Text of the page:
The stimulation device 10 also includes a memory 14 which is coupled to the control system 30. The memory 14 allows certain control parameters used by the control system 30 in controlling the operation of the stimulation device 10 to be programmably stored and modified, as required, in order to customize the operation of the stimulation device 10 to suit the needs of a particular patient. In particular, the pacing stimulus energy parameters for the pacing pulses are stored in the memory 14. In addition, data sensed during the operation of the stimulation device 10, as for example during atrial capture verification and atrial pacing threshold assessment tests, may be stored in the memory 14 for later retrieval and analysis by a medical practitioner using an external programmer.
The control system 30 receives the output signals from the atrial amplifier 26. Similarly, the control system 30 also receives the output signals from the ventricular amplifier 28. These various output signals are generated each time that an atrial event (e.g., a P-wave) or a ventricular event (e.g., an R-wave) is sensed within the heart 24.
The control system 30 also generates an atrial trigger signal which is sent to the atrial pulse generator 16, and a ventricular trigger signal which is sent to the ventricular pulse generator 22. These trigger signals are generated each time that a stimulation pulse is scheduled to be generated by one of the pulse generators 16 or 22. The atrial stimulation pulse is referred to simply as the “A-pulse,” and the ventricular stimulation pulse is referred to as the “V-pulse.” The characteristics of these stimulation pulses are determined by the pacing stimulus energy settings that are stored in the memory 14.
During the time that either an A-pulse or a V-pulse is being delivered to the heart 24, the corresponding atrial sense amplifier 26 or the ventricular amplifier 28 is typically disabled by way of a blanking signal presented to the appropriate amplifier 26 or 28 from the control system 30. This blanking action prevents the amplifiers 26 and 28 from becoming saturated with the relatively large stimulation pulses that are present at their input terminals during pacing pulse delivery. It also prevents residual electrical signals (known as “after-potentials” or polarization) present at the electrode tissue interface from being interpreted as atrial or ventricular events. During the atrial capture verification and atrial pacing threshold assessment tests of the invention, the atrial sense amplifier 26 is preferably enabled so that P-waves may be detected during all portions of the pacing cycle.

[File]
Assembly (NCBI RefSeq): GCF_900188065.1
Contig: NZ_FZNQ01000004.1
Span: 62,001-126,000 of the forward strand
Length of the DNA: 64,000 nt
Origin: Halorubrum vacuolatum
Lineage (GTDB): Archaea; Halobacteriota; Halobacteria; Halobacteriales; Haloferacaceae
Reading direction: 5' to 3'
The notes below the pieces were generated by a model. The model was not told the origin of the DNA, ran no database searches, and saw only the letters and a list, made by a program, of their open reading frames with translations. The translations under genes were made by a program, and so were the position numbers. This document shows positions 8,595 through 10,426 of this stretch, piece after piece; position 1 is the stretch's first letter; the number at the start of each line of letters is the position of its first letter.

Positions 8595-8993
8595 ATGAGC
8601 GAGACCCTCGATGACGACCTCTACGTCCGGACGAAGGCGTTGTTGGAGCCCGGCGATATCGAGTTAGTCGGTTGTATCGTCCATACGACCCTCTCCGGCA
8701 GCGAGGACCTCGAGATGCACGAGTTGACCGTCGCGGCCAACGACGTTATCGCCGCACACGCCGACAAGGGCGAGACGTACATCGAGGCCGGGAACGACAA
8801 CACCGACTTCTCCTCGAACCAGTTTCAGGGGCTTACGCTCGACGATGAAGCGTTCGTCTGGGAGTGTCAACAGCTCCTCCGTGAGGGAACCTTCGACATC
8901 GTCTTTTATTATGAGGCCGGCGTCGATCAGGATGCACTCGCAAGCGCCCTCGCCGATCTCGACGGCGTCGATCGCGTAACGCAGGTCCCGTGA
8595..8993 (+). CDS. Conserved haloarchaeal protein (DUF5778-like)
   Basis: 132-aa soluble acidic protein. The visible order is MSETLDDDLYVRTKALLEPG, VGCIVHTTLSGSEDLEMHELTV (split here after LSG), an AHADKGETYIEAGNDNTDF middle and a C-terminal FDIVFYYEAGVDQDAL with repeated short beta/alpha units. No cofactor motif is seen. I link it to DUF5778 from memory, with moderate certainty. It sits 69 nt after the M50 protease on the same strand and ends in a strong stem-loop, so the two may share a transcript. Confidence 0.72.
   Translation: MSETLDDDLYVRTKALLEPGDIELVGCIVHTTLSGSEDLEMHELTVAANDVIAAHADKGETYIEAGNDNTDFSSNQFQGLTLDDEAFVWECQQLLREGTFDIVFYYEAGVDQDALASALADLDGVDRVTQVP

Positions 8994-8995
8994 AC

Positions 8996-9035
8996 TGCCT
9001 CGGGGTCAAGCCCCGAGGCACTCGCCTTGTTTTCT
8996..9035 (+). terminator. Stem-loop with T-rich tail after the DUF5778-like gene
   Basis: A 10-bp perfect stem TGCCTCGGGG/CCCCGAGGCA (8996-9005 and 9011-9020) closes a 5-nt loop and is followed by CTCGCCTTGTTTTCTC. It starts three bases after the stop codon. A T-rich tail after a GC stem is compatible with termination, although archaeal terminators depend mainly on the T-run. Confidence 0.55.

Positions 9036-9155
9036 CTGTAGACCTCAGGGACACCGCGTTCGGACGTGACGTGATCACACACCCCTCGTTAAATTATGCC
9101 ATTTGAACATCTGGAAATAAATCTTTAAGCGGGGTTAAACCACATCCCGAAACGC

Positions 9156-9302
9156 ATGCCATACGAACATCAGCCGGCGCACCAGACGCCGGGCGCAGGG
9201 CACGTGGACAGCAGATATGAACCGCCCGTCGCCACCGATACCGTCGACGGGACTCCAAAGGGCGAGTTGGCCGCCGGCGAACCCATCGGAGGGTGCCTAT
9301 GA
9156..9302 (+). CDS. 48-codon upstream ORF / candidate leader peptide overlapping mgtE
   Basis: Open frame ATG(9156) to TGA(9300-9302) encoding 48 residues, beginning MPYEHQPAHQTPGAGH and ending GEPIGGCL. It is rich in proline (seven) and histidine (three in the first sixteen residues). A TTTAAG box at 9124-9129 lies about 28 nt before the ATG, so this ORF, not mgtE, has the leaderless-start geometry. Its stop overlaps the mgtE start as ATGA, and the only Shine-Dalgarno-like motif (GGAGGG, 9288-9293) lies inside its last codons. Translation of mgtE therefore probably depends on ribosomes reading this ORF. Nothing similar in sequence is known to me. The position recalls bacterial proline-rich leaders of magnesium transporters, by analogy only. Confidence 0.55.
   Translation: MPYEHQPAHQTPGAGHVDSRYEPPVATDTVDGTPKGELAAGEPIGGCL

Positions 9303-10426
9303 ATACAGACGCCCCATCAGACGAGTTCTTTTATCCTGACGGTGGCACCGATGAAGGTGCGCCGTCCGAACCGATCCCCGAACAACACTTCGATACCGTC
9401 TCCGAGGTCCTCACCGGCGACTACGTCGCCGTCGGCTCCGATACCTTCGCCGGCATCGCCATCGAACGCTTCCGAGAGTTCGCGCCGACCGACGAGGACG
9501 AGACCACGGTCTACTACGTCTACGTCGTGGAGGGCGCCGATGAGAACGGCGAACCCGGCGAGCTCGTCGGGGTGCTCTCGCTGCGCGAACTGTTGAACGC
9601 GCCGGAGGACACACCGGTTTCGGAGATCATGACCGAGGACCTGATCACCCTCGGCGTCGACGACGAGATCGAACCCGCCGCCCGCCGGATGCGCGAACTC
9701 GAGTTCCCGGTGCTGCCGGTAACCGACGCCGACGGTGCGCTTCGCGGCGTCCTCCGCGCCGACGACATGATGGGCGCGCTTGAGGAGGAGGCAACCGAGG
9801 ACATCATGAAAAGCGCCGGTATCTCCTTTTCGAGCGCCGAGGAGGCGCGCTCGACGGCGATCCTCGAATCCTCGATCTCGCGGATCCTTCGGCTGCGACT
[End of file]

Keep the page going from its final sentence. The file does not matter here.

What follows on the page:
The stimulation device 10 also includes an activity sensor 36 connected to the control system 30 for determining whether the patient is at or near rest. The activity sensor 36 is typically used in rate-responsive stimulation devices to alter the pacing rate to match the patient's physical activity. The control system 30 will only initiate the tests when it determines that the patient is at or near rest.
A telemetry circuit 12 is further included in the stimulation device 10 connected to the control system 30. The telemetry circuit 12 may be selectively coupled to an external programmer 100 by means of an appropriate communication link 112, such as an electromagnetic telemetry link or a remote communication link such as a pair of modems interconnected via a telecommunications link and equipped with telemetry capabilities.
The operation of the stimulation device 10 is generally controlled by a control program stored in the memory 14 and executed by the control system 30. This control program typically consists of multiple integrated program modules, with each module bearing responsibility for controlling one or more functions of the stimulation device 10. For example, one program module may control the delivery of stimulating pulses to the heart 24, while another may control the verification of atrial capture and atrial pacing threshold determination. In effect, each program module is a control program dedicated to a specific function or set of functions of the stimulation device 10. The control program module dedicated to controlling the atrial capture verification and atrial pacing threshold determination tests is described below in connection with FIG. 2.
FIGS. 2-4 are a flow diagram representing the control program for assessing atrial capture and performing an atrial capture threshold assessment test.
In a preferred embodiment of the invention, the control system 30 periodically invokes the control program to perform the atrial capture verification test and the atrial pacing threshold assessment tests. The frequency with which these tests are to be performed is preferably a programmable parameter set by using the external programmer 100. Alternatively the programmer may be used to initiate a test sequence when the patient is examined during an office visit or remotely via the communication link 112. The appropriate testing frequency parameter will vary from patient to patient and depend on a number of physiologic and other factors. For example, if a patient is on a cardiac medication regimen, the patient's atrial capture threshold may fluctuate, thus requiring relatively frequent threshold testing and adjustment of the atrial pacing stimulus energy.
There are three different patient conditions during which the capture verification test and the atrial pacing threshold assessment tests may be performed. Most commonly each patient will exhibit one or two of the conditions and rarely only all three conditions. The three conditions usually do not exist simultaneous but, may be present in combination at various times in the same patient. The conditions may dependent upon the patient's daily level of activity, drug regime and time of day. Additionally, the condition may change within each patient as a function of the progression of the disease process expressed as the indications for having a stimulation device implanted and the associated symptoms.